And the door shut behind them, leaving Helen even more alone than she had felt twenty minutes before. She had promised to watch out for him. It had been a lifelong promise. And she’d failed. Helen struggled with a grief she thought she had left behind with the death of Randall. The mind plays tricks on you in these first stages of shock. She could not believe that Nick was dead. Even though the kids had told her, and they were obviously sincere, she found it impossible to believe that Nick, so full of life, was no longer there. It was a concept too hard to bear and her brain kicked in with the only alternative bearable. It wasn’t true. She didn’t know why ULTIMATE® would lie about it, but she was sure they were lying.
Another part of her brain had already moved into the post death grief state she had experienced too many times before. The contemplation of what death means. Knowing the person now lives only in your memory. Knowing you’ll never see them again. You can’t share meaning with them. Emptiness, loss. A reminder of your own isolation. That you’d give everything to just EXTERNALISE with them one more time. Reflection on your own mortality. The need to LIVE the rest of your life. How would she do that? What was left for her?
It brought her back to the desire to be rational even in her shock and grief. Logically, she worked out that either Nick was dead, in which case she could do nothing to help him, or he wasn’t dead in which case she needed to find out what had happened to him and she wouldn’t do that sitting in an ULTIMATE® Home. Either way, she needed to find out for herself where RIP were. Because either way, RIP must still exist. Either Nick had been killed by ULTIMATE® as his father and grandfather before him, for knowing too much, or asking too many questions; or he was alive, held somewhere for precisely the same reasons. It was the only sense she could make of this senseless situation. And if he was alive….
She had a flashback to her last interaction with Nick. That strange message from the US™ screen. When he’d said he was with his dad. Maybe he’d already been spirited away by ULTIMATE® at that point. She remembered the 1970’s when people were ‘disappeared’ in Chile. She’d been approaching her teens and it was the first really shocking news she’d encountered. It had stayed with her. It was the hallmark of the totalitarian regime. And Helen wasn’t taken in by the bright, light, brand loyalty of ULTIMATE®. She could see beneath it. Behind the brand was something far more frightening than corporate greed. It was a new totalitarianism. ULTIMATE® totalitarianism. The destruction of humanity.
She had to act and act soon. She had to find what was left of the RIP and try and reclaim some sort of personal truth out of this world of branded lies. Of course she realised that if she left the ULTIMATE® Home she would die too, probably within a couple of years, if not sooner. At this stage the thought did not bother her. It was subsumed beneath a feeling a lot like hope which told her she might LIVE for two more years. Actually live. A life of freedom outside the death that was ULTIMATE®. That’s worth it. However short the timeframe. She’d been dead for the last ten years after all. It was time to be like a tree and experience spring once more. She longed to go back to the ‘beech’ and walk in the winter and grow vegetables in the summer and eat real food. All this had to be worth whatever price she would finally pay, however soon she had to pay it. Life under ULTIMATE® might seem to be comfortable and easy after a fashion, as long as you just went along with it but it wasn’t REAL and a non-real life isn’t worth living. It’s no more life than a plastic flower. A dead tree has more life than a plastic flower.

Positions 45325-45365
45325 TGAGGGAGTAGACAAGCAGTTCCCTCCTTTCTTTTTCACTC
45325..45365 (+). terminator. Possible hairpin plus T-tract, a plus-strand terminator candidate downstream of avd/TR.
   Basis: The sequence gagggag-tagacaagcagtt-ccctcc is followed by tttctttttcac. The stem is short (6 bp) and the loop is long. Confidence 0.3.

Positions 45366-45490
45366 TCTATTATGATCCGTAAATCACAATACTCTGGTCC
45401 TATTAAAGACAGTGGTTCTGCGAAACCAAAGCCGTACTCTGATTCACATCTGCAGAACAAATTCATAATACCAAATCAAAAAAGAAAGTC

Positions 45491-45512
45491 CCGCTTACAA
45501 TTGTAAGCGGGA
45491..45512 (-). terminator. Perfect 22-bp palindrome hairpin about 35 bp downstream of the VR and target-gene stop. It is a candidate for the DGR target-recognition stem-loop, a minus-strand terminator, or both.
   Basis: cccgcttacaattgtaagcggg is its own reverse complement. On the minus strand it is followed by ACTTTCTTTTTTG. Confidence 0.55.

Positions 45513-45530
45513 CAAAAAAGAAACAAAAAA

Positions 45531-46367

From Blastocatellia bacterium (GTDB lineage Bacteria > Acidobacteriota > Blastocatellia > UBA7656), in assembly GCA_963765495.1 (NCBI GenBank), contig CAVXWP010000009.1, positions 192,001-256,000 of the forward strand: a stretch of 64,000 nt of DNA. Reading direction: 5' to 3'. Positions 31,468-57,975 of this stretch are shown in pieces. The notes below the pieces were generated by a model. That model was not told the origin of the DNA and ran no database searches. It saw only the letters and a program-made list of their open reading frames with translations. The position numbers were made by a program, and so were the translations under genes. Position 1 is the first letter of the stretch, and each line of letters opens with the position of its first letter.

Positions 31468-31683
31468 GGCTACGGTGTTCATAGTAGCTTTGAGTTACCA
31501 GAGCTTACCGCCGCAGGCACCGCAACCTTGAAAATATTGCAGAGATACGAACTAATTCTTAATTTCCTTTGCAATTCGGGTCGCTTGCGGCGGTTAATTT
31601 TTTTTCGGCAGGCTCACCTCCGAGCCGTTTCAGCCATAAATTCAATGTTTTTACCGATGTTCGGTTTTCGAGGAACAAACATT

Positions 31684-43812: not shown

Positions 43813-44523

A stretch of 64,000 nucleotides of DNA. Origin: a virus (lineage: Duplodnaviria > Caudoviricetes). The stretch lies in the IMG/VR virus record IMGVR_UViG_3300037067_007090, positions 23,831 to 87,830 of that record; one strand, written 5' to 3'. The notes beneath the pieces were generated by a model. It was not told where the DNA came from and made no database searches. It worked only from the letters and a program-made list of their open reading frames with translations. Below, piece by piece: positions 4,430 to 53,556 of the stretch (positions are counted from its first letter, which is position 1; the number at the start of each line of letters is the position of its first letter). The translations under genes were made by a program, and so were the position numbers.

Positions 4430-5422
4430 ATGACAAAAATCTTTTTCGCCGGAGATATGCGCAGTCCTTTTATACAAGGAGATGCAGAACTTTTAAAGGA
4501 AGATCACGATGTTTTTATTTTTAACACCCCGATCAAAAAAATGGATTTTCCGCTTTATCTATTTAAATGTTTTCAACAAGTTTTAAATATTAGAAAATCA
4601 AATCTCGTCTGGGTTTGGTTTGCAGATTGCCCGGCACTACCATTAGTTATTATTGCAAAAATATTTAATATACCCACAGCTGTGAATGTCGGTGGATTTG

How would she get away? She looked at the ßß™ barcode on her arm. It was a link to ULTIMATE® that she could not erase. Everyone had one now. Everyone was branded. She rubbed it. Not for the first time she thought about the tattoos of the Holocaust victims. ULTIMATE® may have done away with history for its citizens, but it had borrowed freely from whatever bits of history suited its purpose. Once upon a time tattoos had been for sailors and soldiers or primitive tribesmen. Then footballers and celebrities began to adorn themselves, calling it ‘body art.’ Fashion drifted down to the masses inevitably, till tattooing broached all social classes and ages. Then, as fashion and technology segued together, Brands started to enter the fray. Soon enough it had become the height of fashion to have a product or company brand on your arm, and soon enough the benefits turned into necessity. To be allowed to shop anywhere you had to have the appropriate brand. Your personal and financial details were contained on the logo on your skin and arms became like so many boy scouts shirtsleeves; the more you had the better a consumer you were. The more brand loyalty you had on your flesh the higher your status both socially and credit wise. Helen was glad that she’d never bought into this. It hadn’t happened until they were far into self-sufficiency and it provided a good reason never to have to ‘shop’ in the mainstream. Only charity shops held out against the onslaught, until finally there were no more charity shops – because there was no longer seen as any need for charity. For a time a strange kind of black market style of shopping was undertaken in the old pound shops and charity shops and then out of the boots of cars, until all these things became consigned to history.
Catriona and Lauren, as good fashionistas, both had armfuls of brands. Of course behind all the brands was one brand. The one brand to whom loyalty was unavoidable in the end. ULTIMATE®. When Helen had been admitted to the ULTIMATE® Home, she had had to submit to having the ULTIMATE® Brand on embedded into her arm. At the time she’d felt like someone entering Auschwitz, but there was no choice. She’d felt numb and dead then anyway. But now… now she wanted to break free from ULTIMATE® once more. Now she felt there was no reason to stay and every reason to take a risk. But ULTIMATE® wouldn’t let her go that easily. The Brand would stay with her for life. That was ULTIMATE’s® unique selling point. The clue was in the name.
Helen was not going to let the seal of ULTIMATE® on her arm stop her, however. If she couldn’t get rid of the ßß™barcode brand which was not only tattooed onto her skin but contained a technologically advanced biological implant in her arm, she would try to get out of range. That must be possible. Or worth a try at least. The first thing would be to try and make contact with RIP. She did not have time to lose herself in grief for Nick. She needed to make a concrete, workable, escape plan.